Keys To A Healthy Weight For Your Child

Are you concerned about your child's weight?

Given the overwhelming media coverage about the "childhood obesity epidemic," it's difficult to not be concerned. We hear almost constantly that U.S. children are getting heavier and that we must do something about their unhealthy diet and low physical activity.

This sounds logical doesn't it? To address the increased incidence in overweight and obesity among our nation's youth, we just need to get them to eat healthier food and exercise more.

But, there's a big problem with this logic --- it hasn't worked.

Kids are still getting heavier despite a massive effort by governments, communities, schools, health associations, and parents to encourage healthy eating and physical activity --- with these positive results:

Fat consumption has decreased from over 36% to less than 33% of calories (between 1971 and 2000);
Consumption of fruit and vegetables per capita has increased 24% (between 1970 and 1997);
Population-wide physical activity among older adolescents has increased (based on national surveys conducted over the last several decades);
Availability of no and low-calorie food/drink has exploded;
Access to nutrition information (health classes in school, government dietary guidelines, books, food labeling, Internet, media coverage) is far greater;
Exercise promotion has increased significantly.

So, what's going on here? If eating healthier food and getting more physical activity are the keys to weight management, why is our population of kids still getting heavier?

In this report, I will explain why – the real reason for the "childhood obesity epidemic" – and then share what this means as far as your efforts to help your child reach and maintain a healthy weight.

The fallacy of the traditional advice for weight management

Despite what you've heard, the truth is that:

Your child's weight is not affected by what types
of food they eat or their level of physical activity.

I know this statement sounds heretical, so let me share the research behind it.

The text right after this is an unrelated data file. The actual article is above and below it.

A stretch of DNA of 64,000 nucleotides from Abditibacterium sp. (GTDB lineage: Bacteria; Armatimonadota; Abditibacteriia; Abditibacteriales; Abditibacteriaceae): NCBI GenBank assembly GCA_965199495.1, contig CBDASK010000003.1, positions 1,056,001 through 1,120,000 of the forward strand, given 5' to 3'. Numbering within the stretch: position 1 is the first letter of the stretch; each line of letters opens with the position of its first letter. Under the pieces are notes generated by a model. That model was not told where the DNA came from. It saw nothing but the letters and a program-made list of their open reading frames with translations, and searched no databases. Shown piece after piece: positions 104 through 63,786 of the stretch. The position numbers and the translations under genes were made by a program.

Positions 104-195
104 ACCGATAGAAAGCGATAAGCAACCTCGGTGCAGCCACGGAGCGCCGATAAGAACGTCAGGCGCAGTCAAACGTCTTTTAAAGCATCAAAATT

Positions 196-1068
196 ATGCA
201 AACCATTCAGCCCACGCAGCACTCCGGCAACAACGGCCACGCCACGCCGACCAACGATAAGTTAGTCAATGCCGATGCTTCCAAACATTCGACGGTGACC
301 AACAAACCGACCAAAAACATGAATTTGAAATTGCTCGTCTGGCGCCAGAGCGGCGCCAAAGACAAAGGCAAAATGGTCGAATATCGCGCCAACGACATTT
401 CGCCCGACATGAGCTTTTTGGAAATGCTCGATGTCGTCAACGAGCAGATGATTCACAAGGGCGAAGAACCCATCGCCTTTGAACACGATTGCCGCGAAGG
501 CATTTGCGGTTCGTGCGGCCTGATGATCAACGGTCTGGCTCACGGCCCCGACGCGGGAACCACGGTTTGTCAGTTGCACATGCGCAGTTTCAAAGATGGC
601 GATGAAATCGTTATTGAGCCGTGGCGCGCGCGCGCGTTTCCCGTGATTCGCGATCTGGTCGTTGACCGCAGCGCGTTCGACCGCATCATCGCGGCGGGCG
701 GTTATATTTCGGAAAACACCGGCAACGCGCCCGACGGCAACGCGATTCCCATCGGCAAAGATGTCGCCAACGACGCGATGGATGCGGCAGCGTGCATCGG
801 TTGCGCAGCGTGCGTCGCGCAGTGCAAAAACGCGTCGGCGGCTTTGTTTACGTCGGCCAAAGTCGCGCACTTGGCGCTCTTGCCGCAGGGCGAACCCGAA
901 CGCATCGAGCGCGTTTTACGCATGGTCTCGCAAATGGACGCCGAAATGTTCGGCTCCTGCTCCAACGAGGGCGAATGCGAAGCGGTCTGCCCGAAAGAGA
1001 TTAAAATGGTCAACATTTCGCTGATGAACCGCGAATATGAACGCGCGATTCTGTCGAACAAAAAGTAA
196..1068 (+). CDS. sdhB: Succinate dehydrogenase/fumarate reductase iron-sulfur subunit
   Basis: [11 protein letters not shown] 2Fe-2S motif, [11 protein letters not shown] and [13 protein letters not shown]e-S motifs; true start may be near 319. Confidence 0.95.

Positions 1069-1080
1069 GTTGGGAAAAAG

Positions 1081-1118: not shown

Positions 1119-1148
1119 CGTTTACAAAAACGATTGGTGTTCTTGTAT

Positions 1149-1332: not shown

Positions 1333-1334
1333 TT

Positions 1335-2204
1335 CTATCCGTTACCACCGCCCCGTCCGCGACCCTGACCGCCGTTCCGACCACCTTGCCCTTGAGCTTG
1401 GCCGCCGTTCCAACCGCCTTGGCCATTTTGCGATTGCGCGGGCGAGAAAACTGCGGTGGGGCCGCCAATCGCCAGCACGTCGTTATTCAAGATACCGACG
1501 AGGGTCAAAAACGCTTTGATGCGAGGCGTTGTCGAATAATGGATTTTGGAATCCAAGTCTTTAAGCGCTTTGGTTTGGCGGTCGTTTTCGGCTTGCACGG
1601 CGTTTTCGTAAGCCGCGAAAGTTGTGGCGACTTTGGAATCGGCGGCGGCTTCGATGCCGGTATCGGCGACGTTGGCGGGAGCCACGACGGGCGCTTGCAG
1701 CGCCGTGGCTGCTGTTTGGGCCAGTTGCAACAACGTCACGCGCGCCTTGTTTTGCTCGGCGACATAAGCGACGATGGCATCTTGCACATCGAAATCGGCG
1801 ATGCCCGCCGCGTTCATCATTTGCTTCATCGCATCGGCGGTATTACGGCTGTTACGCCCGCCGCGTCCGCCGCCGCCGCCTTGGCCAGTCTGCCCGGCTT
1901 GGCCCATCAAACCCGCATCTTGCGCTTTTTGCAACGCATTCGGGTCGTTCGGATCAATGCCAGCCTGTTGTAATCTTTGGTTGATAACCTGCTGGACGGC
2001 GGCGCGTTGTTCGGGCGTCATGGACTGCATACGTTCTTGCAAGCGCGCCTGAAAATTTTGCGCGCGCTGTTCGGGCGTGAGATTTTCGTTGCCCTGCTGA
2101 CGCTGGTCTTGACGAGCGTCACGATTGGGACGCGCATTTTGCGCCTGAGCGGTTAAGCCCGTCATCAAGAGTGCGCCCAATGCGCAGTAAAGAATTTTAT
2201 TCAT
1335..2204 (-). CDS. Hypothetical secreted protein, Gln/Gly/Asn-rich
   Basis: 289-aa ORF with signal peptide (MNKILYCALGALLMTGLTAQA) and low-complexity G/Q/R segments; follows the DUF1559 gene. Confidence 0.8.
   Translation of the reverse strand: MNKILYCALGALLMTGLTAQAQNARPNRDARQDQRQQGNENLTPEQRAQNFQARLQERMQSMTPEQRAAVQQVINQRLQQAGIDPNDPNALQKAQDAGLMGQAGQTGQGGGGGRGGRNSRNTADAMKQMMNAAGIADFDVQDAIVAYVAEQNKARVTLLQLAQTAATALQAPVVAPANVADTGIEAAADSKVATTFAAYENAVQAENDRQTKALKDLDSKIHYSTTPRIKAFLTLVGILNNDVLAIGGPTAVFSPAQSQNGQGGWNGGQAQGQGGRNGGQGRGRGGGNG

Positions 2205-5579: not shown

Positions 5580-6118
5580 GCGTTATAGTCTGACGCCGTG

First, let's look at diet.

In a comprehensive review of the scientific literature on childhood dietary predictors of obesity, the authors arrived at the following conclusion:

"Overall, despite the prominent role that diet is presumed to play in promoting adiposity, the current review found no consistent evidence that infant or childhood diet is related to later fatness."
Parsons, TJ, et al. Childhood predictors of adult obesity: a systematic review. International Journal of Obesity 1999; 23: S1-S107

Or consider the major study of 196 girls, 8 to 12 years old, who were evaluated over a four-year period to determine the relationship between consumption of energy-dense foods (baked goods, ice cream, chips, sugar-sweetened soda, and candy) and relative weight change during adolescence. Their conclusion?

"overall energy-dense food consumption does not seem to influence weight status or change over the adolescent period."
Phillips, Sarah, et al. Energy-Dense Snack food Intake in Adolescence: Longitudinal Relationship to Weight and Fatness. Obesity Research March, 2004; 12: 461-472

Another study of adolescent eating habits came to this conclusion:

"These data offer no evidence to support the widespread notion that obese adolescents eat more 'junk food' than non-obese adolescents."
Bandini LG, et al. Comparison of high-calorie, low-nutrient-dense food consumption among obese and non-obese adolescents. Obesity Research 1999; 7: 438-443

In fact, almost all research studies on childhood obesity find that heavier children do not eat different foods than thinner children.

Now let's look at physical activity.

Here the scientific research is more inconsistent. Still, about half the studies show no association between physical activity and obesity --- where the average weight of more physically-active kids was not different from more sedentary kids.

For example, in a 2006 study, 545 children with an average age of 4.2 years were split into two groups. One group were given enhanced physical activity in the nursery (three 30 minutes sessions per week over 24 weeks) plus home based health education aimed at increasing physical activity through play and reducing sedentary behavior. No curriculum changes were made with the other group. The surprising result? --- after 6 and 12 months, there was no significant difference in body mass index between the two groups. Reilly, John, et al. Physical activity to prevent obesity in young children: cluster randomized controlled trial. British Medical Journal November 18, 2006; 333: 1041-1043

However, some studies do show a correlation --- but almost all of these use television viewing time as a proxy for activity levels. In other words, they assume that frequent TV watchers are less active. Well, it turns out that assumption might not be correct.

In a 2007 study 18,882 10-15 year old boys and girls were evaluated over a four year period to determine if television viewing, and other sources of sedentary behavior, are associated with leisure-time moderate/vigorous physical activity. The researchers found no association, which they said was consistent with most "cross-sectional studies in children and adolescents" and "almost all studies of television viewing and physical activity among adults." Taveras, Elsie, et al. Longitudinal Relationship Between Television Viewing and Leisure-Time Physical Activity during Adolescence. Pediatrics 2007; 119: 314-319

Are you surprised?

Although it's very logical that a child's weight is affected by what types of food they eat and their level of physical activity, there's almost no evidence to support this contention.